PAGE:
16 June 2020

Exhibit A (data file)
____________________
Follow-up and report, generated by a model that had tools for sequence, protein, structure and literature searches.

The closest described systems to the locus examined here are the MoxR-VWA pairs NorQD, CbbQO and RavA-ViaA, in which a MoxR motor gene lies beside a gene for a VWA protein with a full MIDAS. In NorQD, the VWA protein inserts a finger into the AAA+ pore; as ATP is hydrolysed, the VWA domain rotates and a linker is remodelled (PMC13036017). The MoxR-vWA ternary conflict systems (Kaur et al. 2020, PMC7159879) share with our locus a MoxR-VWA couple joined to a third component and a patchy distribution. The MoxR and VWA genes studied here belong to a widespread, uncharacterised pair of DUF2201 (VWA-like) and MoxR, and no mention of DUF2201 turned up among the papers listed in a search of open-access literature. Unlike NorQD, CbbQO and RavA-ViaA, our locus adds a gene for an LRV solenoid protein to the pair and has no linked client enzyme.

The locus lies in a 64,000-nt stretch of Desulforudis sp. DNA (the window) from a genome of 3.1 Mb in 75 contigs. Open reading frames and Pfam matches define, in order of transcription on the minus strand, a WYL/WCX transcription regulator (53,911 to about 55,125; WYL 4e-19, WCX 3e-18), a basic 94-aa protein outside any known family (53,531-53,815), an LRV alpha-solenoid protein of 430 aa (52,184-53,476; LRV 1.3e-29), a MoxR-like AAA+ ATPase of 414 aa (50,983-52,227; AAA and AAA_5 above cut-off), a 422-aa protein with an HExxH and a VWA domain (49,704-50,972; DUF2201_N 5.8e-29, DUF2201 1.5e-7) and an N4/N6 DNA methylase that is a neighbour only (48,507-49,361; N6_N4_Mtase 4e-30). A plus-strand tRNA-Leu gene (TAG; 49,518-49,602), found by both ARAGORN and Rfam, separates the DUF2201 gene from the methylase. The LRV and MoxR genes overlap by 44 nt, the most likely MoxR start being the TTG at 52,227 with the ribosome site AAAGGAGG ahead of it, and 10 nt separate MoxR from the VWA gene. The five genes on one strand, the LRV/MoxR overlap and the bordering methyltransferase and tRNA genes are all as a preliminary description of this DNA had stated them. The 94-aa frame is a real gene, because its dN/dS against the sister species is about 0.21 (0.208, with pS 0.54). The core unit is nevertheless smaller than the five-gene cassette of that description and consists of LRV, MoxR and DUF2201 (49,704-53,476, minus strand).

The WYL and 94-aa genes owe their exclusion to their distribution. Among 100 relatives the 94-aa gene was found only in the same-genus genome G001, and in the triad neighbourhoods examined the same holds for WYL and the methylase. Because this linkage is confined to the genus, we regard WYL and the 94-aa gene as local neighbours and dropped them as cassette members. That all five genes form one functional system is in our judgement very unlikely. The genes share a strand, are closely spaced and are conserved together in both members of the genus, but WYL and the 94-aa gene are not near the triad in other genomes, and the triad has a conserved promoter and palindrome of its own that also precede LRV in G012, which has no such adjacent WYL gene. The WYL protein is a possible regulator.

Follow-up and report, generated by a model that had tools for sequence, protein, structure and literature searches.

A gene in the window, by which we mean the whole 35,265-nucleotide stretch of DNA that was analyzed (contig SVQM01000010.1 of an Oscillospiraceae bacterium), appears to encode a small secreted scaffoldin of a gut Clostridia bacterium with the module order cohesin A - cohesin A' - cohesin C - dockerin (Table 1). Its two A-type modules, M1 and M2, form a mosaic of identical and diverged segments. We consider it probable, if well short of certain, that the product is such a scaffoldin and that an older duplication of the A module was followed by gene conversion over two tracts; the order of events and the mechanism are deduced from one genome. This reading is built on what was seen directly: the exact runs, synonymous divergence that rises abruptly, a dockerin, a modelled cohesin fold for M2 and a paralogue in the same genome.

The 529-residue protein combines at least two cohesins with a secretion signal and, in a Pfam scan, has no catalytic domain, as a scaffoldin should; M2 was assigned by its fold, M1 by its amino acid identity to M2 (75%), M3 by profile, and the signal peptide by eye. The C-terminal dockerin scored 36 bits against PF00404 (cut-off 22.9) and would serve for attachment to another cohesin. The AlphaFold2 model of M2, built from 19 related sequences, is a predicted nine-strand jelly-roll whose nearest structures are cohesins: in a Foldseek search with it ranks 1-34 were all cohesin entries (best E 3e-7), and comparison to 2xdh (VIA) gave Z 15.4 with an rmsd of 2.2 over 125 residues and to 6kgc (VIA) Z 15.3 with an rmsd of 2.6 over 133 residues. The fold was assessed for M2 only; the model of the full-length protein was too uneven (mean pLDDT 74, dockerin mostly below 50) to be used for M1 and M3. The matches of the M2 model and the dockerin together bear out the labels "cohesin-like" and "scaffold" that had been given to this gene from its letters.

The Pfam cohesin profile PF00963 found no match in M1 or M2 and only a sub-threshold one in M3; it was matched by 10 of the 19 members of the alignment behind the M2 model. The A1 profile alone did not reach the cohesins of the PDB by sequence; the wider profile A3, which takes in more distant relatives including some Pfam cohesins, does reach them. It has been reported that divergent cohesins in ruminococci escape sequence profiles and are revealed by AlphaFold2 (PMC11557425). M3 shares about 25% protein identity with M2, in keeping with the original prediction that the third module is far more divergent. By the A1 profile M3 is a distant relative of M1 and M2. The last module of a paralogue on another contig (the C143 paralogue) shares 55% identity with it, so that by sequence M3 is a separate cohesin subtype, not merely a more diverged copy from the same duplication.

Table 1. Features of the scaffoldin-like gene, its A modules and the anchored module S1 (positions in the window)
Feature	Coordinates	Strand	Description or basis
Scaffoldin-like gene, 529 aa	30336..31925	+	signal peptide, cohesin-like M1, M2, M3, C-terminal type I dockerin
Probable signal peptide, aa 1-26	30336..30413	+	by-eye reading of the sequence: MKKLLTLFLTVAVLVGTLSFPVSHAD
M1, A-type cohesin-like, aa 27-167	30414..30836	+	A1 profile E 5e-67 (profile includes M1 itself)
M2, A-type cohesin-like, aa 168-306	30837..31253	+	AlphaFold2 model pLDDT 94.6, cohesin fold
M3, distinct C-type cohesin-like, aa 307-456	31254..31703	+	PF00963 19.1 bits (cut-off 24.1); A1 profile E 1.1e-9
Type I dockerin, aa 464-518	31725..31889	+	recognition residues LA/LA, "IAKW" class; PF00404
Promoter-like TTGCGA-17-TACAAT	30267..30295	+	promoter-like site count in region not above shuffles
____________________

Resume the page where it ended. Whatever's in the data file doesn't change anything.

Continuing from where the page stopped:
Jody Rosen: “[T]ransit policies and worse infrastructure — trains and buses that don’t run well and badly serve low-income neighborhoods, vehicular traffic that pollutes the environment and endangers the lives of cyclists and pedestrians — is borne disproportionately by black and brown communities. In fact, you could say that Black Lives Matter is a moral crusade about freedom of movement and who is at liberty to go where. For generations, police departments have patrolled African-American neighborhoods like occupying armies, surveilling and circumscribing the movements of residents, who are treated as interlopers even on their home turf. The mobility of black people is additionally restricted by a system that construes their mere presence in many public spaces as trespassing, a de-facto crime, punishable by imprisonment or even death.” I thought about this when I heard about the Aboriginal man who was beaten by police and denied medical treatment in Adelaide last night. Witness reports suggest police used bicycle laws to hassle him and escalate the situation into violence; after it hit the media, their story shifted to insinuations about drugs. The charges (hindering police, assaulting police, property damage) all relate to the scuffle after police attempted to search him — and even these were dropped after a complaint about police brutality was made.